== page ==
In 2010, a spectacular claim was made in the prestigious journal Nature that the population of phytoplankton in the ocean had declined by something like 40% since 1950 (Boyce et al., Global Phytoplankton decline over the past century, Nature Vol 466 pp 591-596, 29 July 2010).
At the time, one of the things I was working on was a way to absorb oil spills and to clean up oil contaminated seawater. You may recall that the BP Deep Horizon disaster had occurred at that time, and I took a centrifuge (I would tell you who donated it, but the company wishes to remain anonymous) down to Port Arthur Texas to work with a company interested in remediating contaminated seawater. Although where we were, the beaches were spectacularly clean and fishing was excellent, we were rightly concerned about the impact on ocean life. But we knew the Gulf would survive even this serious spill. By contrast the claims of Boyce et al were that FORTY PERCENT of the plankton were missing from ALL THE OCEANS OF THE WORLD. This was such as serious claim that it dwarfs all concerns about overfishing or spilling oil or anything else. Fish and sea animals can't survive without phytoplankton and I doubt whether life on land including humans could survive very long if the phytoplankton were going extinct at such an alarming rate. It's hard to quantify the significance of billions of tons of ocean life, but let's such say it would be orders of magnitude more serious than any hurricane or oil spill or other event that we have experienced.
Boyce et al were convinced that this mass extinction had occurred due to the ravages of global warming. I doubted that, based on the following reasoning: suppose there were a lake somewhere with a healthy population of phytoplankton. Suppose overnight the temperature rose from 55 degrees Fahrenheit to 56. Does that kill half the plankton in the lake? Not likely! Even less likely if you give the plants 60 years to make the adjustment.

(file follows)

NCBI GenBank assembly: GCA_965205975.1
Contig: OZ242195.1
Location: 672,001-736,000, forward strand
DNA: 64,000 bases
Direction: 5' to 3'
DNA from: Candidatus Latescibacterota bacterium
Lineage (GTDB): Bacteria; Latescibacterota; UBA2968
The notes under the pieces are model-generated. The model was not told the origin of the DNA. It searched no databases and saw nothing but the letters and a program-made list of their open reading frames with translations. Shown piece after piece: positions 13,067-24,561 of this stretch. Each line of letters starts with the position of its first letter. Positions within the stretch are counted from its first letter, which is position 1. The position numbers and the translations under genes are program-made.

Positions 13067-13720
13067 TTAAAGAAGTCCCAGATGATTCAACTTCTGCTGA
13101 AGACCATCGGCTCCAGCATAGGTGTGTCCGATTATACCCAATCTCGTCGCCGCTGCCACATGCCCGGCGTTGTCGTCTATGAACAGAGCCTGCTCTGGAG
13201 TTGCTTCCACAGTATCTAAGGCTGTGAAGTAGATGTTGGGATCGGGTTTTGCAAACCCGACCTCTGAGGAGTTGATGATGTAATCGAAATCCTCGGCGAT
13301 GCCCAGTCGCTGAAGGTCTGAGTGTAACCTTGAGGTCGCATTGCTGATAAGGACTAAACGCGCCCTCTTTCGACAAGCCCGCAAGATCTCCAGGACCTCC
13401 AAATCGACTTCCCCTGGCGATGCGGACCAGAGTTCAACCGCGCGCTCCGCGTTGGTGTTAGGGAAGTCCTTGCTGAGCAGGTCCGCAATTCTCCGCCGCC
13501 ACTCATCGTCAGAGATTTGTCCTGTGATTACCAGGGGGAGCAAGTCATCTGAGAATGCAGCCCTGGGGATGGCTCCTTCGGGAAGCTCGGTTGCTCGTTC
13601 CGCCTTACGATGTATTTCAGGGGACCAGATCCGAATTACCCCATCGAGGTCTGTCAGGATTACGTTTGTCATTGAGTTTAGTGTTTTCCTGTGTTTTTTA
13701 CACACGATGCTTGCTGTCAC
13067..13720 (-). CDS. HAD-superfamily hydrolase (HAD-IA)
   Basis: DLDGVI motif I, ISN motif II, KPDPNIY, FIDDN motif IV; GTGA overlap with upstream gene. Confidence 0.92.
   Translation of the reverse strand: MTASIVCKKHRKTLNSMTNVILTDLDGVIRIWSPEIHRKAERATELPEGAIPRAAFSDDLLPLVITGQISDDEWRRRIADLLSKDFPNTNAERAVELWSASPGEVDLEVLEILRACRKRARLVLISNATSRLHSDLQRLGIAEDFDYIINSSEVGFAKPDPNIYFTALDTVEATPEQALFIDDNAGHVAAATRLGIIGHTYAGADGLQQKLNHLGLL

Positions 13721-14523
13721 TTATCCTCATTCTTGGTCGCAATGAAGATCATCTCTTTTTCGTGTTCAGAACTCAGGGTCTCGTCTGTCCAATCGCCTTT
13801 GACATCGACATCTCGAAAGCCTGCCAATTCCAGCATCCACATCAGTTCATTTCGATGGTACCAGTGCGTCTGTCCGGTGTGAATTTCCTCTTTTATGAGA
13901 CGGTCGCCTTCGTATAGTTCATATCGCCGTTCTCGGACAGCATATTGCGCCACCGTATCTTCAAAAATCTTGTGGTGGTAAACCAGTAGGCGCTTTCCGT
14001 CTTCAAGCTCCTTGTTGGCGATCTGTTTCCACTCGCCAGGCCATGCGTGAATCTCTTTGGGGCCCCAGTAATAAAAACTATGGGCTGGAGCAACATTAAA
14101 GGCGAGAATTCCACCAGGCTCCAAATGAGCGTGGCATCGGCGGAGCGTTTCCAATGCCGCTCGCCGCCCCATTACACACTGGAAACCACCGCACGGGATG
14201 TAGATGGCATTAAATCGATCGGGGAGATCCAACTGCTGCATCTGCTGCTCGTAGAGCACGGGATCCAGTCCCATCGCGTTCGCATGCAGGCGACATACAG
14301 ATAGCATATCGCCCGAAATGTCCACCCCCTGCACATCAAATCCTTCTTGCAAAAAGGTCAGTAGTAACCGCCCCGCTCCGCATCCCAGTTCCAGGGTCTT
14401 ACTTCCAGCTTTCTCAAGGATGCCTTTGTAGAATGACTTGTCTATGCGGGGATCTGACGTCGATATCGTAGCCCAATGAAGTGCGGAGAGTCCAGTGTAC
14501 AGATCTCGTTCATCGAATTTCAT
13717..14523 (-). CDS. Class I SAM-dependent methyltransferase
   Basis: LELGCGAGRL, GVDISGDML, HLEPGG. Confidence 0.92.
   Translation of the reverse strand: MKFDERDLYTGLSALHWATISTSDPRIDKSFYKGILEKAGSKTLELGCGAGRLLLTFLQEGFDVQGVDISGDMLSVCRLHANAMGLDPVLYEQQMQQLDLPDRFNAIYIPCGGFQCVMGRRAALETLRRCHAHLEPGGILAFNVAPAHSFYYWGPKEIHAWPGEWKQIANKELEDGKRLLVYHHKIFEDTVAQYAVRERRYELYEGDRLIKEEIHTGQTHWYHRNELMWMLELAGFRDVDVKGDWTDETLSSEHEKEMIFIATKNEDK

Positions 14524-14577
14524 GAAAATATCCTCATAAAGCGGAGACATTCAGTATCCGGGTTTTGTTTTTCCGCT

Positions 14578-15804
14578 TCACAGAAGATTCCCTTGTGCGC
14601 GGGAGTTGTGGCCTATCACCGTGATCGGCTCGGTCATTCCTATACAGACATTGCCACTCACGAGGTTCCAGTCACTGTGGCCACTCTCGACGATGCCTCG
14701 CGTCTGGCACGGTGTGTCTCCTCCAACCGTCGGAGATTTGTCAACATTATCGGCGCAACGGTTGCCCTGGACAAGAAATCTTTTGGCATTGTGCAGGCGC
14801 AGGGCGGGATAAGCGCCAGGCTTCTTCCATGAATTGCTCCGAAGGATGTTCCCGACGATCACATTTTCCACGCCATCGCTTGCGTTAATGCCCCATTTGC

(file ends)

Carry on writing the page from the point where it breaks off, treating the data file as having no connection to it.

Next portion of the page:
Still I was surprised that many people seemed content to a) accept the claims of Boyce et al, and b) didn't seem too concerned about it. My feeling, in a nutshell, was that the scientific community needed to find out whether it was true or not, and if it were true it was time to push the panic button.
But over the past year, other articles have appeared which suggest that the orginal contention of Boyce et al may be due to a ghastly error. Rykaczewski and Dunne published a rebuttal in Nature (A Measured Look at Ocean Chlorophyll trends, Nature Vol 472, pp E5-E6, 14 April 2011). They suggest the Boyce's data was in error because of changes in sampling methodology and analysis. A similar note appeared in Nature from Ohlman (Nature 466, 591 - 596 (7306)
Published online: 2010-07-29).
Published online: 2010-07-29).
Phew! So maybe the reason everyone seemed unconcerned about the data was due to its fishy smell.
Does this mean that the world is off the hook? Not necessarily. I still remain very concerned about ocean pollution and curious about the attitudes of my friends and colleagues. A number of us were outraged, rightly so, by the BP Horizon spill last year. But few people complain about the amount of pollution that we dump into the same body of water. The United States is the most powerful agricultural economy on earth, and most of the petrochemical fertilizer runoff from that economy winds up draining into the Gulf via the Mississippi and other rivers. It is millions of tons per year, and has resulted in enormous dead zones near the mouth of the Mississippi in which life can not be supported. If you go to the Florida Panhandle and are lucky enough to get a hotel with a view of the ocean, you may be surprised to find that it is now green. The ocean is supposed to be blue, folks. The reason is that in this area all that fertilizer has caused phytoplankton to proliferate (the opposite effect claimed by Boyce et al, by the way). You can definitely see it. And yes, changing the color of the ocean means that there are other effects as well. Some years ago I wrote an article explaining that greener water might absorb sunlight more effectively near the surface, and that there could be some effect on climate change. Some of my friends in the business are aware of that now and trying to incorporate such effects into global climate models.
I believe that we should seek the means to recover millions of tons of chemicals from rivers in the US. Our emphasis is mainly on stopping pollution at its source, which is a good approach, but in the case of the Mississippi and other rivers, we just have to admit that millions of tons of chemicals are getting into the water anyway, and it makes sense to figure out ways to clean it up.
BAre phytoplankton increasing due to massive quantities of fertilizer being dumped into the ocean? Or are they vanishing? We need the right answers to feed into the computer models that tell how our climate is behaving.